Written by Warren Ellis
Art by Gerardo Zaffino, Dan Brown
Published by Marvel Comics
Release Date: October 21, 2015
Magister of the Tower of Wisdom, the mighty Karnak of the Inhumans can find the flaw in everything…quite literally everything. That’s what he does.
And boy, does he do it well when written by the mighty Warren Ellis. In recent years at Marvel, Ellis is best known for revitalizing Moon Knight with Declan Shalvey and Jordie Bellaire, pulling the character out of C-level status and delivering one of the best 6 issue arcs in recent memory. For Karnak, Ellis teams with Gerardo Zaffino and Dan Brown to tell the tale of a not-so-long-ago deceased Inhuman who possesses quite a gift. I can tell you that some of the magic of the Moon Knight relaunch is here, but Karnak is his own person and not a Moon Knight clone.
Warren Ellis delivers some great dialogue in this issue, getting readers in on the ground floor of who Karnak is and what he is like in this post-Secret Wars universe. This Karnak is edgy, cryptic and violent with a calculating precision that is rivaled by no one. He’s always been a quiet powerhouse in the Inhuman family, but Ellis’ take has moved Karnak into an intriguing role of prophet, speaking often in ominous statements about how small humanity is in the grand scheme of the world. It’s a new dimension for the character as he progresses from advisor to the throne to a powerful Magister and I am completely intrigued as to what the Tower of Wisdom’s role is going to be in the Marvel Universe.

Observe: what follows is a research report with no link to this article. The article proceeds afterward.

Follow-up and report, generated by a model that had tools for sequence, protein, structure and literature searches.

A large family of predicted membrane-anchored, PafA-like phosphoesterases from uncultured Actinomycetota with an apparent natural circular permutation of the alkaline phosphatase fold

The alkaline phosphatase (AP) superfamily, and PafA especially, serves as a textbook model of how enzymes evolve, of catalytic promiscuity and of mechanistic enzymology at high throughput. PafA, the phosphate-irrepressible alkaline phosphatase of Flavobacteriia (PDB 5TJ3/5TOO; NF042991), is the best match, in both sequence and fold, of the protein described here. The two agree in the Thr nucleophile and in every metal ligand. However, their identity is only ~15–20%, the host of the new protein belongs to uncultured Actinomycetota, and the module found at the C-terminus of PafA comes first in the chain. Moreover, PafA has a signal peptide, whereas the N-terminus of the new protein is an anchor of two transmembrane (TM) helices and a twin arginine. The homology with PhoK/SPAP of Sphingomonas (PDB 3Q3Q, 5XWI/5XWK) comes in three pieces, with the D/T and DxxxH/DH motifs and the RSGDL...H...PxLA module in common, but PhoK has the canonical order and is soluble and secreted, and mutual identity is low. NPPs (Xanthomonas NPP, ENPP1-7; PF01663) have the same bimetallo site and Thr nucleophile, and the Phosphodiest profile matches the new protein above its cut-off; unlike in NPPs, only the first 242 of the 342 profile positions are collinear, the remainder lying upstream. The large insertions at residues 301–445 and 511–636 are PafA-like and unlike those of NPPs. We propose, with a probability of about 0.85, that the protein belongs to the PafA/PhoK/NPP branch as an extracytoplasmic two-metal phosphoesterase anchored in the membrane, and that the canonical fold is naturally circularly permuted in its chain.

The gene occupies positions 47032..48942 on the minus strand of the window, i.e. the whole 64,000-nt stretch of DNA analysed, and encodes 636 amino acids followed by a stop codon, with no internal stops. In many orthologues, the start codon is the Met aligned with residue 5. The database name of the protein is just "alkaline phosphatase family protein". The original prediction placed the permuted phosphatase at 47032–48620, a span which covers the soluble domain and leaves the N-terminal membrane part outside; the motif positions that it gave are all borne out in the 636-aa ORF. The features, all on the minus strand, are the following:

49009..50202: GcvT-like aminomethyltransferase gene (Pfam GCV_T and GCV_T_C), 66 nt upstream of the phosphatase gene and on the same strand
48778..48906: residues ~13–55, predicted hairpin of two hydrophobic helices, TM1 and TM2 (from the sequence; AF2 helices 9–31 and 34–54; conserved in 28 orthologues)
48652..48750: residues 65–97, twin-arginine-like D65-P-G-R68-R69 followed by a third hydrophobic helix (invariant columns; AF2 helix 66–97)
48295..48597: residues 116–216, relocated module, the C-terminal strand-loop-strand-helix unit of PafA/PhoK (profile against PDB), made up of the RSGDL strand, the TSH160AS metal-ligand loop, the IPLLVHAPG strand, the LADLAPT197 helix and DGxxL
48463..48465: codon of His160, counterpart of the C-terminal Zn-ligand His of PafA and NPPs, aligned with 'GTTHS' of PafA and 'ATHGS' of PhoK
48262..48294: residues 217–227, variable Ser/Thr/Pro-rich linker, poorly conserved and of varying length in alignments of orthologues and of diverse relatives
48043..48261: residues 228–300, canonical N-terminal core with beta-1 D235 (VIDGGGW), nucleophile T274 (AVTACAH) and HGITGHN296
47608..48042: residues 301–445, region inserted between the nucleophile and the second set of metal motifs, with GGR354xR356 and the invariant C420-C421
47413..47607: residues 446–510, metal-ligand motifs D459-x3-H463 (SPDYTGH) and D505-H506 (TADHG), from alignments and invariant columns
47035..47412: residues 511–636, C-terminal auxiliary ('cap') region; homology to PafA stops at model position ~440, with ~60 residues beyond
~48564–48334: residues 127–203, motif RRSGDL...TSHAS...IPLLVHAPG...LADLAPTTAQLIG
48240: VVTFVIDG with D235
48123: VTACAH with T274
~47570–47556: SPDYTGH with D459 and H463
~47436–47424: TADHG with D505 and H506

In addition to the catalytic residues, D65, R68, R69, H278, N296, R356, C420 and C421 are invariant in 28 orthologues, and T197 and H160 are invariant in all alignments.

Ellis brings Coulson into the issue as a foil for Karnak and the two characters work together perfectly. Ellis writes a good Coulson, his light demeanor on display while also not weakening the character. He’s very Clark Gregg, with enough composure to keep his cool when Karnak repeatedly puts him down in a way that is uniquely Karnak. This is a duo I could stand to read more of and it was clever of Ellis to give readers a look at this new Karnak using Coulson as a mirror.
Gerardo Zaffino’s pencil work is solid, giving the book a gritty and intense feel. Karnak looks infinitely more badass than he ever has, and when Zaffino cuts loose with some action at the end of the issue I got really excited for this series going forward. He has a unique style that would be suitable for a Moon Knight series as well, using shadow and loose pencils at the perfect time to hint at Karnak’s dark side and the chaos of the world now that Inhumans are more commonplace. This is work that will get many people talking and his pencil style is complimented nicely by Dan Brown’s colour work. Ellis seems to have a magic touch with recent Marvel work relaunching semi-obscure characters into the mainstream and he is once again complimented by a very solid art team.
I really enjoyed Karnak #1. It’s gritty lack of polish was a nice addition to the Inhuman lineup and I can easily say I’ve never been this entertained by Karnak before. This is a whole new side to this character and I’ll be back with arms wide open for the second issue.
The Verdict: 9.0/10